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One Water Quality Trading—What is it?

A Cost Effective Way to Improve Water Quality

Bridge over Chesapeake BayWater always runs downhill. Throughout Earth’s history, rainwater has run from high places to low, running off the surface of the land or seeping below into ground water. All of it eventually ends up in local waterways, whether a small creek or a mighty river. That water has carried with it nutrients from the land, such as nitrogen and phosphorus. In the right quantities, these nutrients are necessary for life. Without this “feeding,” the intricate system of microbes, plants, animals and fish can't survive. But you can have too much of a good thing. If too many nutrients and too much sediment enters these bodies of water, they stimulate excessive plant growth -- including algae and weeds. This imbalanced growth, often called an algal bloom, reduces oxygen in the water as dead plant material decomposes and cause other organisms to die. This, along with other pollutants entering our waters is unhealthy for all inhabitants, including humans.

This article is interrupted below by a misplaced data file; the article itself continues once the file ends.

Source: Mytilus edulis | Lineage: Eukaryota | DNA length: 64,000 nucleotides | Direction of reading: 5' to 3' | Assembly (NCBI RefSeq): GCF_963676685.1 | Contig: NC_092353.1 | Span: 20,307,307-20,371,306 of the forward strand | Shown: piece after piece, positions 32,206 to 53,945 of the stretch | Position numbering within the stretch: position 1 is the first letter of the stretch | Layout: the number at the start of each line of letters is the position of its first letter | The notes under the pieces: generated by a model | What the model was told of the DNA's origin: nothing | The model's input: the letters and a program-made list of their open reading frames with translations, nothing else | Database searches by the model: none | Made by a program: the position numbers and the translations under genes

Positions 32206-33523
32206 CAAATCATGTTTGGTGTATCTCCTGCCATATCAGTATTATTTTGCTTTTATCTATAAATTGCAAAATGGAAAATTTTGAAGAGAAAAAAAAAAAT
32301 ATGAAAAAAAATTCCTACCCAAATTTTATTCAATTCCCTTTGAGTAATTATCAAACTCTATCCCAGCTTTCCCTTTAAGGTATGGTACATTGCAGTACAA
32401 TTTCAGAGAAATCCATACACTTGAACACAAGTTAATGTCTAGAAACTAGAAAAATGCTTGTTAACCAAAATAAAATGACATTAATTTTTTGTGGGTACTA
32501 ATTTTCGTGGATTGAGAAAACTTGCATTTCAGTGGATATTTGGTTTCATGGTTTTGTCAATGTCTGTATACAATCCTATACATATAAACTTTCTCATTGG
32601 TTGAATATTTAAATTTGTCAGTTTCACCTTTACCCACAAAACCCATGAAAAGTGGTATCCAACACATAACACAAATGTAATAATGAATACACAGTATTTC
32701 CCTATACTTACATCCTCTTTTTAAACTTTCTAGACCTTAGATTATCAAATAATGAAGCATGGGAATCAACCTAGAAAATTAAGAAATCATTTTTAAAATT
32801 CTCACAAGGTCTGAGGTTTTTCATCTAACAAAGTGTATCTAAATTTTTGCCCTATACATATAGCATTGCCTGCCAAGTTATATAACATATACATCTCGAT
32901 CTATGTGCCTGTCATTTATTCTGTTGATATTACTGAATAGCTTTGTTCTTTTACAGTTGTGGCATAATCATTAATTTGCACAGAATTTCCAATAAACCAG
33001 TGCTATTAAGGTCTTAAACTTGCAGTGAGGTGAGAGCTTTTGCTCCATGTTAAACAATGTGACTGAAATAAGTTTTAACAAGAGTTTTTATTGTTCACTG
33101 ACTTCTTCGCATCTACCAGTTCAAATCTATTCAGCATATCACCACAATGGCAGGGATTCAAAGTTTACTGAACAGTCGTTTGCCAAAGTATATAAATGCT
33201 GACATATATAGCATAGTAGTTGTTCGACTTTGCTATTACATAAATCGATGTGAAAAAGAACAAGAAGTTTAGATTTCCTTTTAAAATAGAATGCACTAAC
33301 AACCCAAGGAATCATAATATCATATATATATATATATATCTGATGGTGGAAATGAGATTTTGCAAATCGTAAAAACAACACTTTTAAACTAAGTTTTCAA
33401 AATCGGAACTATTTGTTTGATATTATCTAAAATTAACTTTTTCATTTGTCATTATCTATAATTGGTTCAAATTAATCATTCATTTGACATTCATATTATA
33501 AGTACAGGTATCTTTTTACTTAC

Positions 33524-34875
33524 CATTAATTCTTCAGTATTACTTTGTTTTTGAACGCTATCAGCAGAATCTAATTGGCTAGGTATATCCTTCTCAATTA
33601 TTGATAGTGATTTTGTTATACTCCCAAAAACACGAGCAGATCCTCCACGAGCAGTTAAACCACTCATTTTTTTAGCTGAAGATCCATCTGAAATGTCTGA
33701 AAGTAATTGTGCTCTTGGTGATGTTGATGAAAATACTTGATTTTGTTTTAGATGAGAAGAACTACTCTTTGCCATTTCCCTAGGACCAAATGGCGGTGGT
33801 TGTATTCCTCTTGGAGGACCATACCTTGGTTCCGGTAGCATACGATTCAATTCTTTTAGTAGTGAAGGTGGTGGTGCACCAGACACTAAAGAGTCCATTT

In the last 50 years, due to growth in population, industry, and developed land and intense agricultural production, we are sending too many nutrients and too much sediment into our waterways.  As contaminated waterways have become more prevalent in the United States, the need to reduce pollutants has brought together diverse groups working to find ways to improve water quality. While many things can be accomplished by individuals and groups acting on their own, government regulation has been used to protect public health and economic interests. As industries and local governments launch efforts to reach new regulatory goals, Water Quality Trading Markets are becoming a way to balance the polluted waterway budget. 

 
American Farmland Trust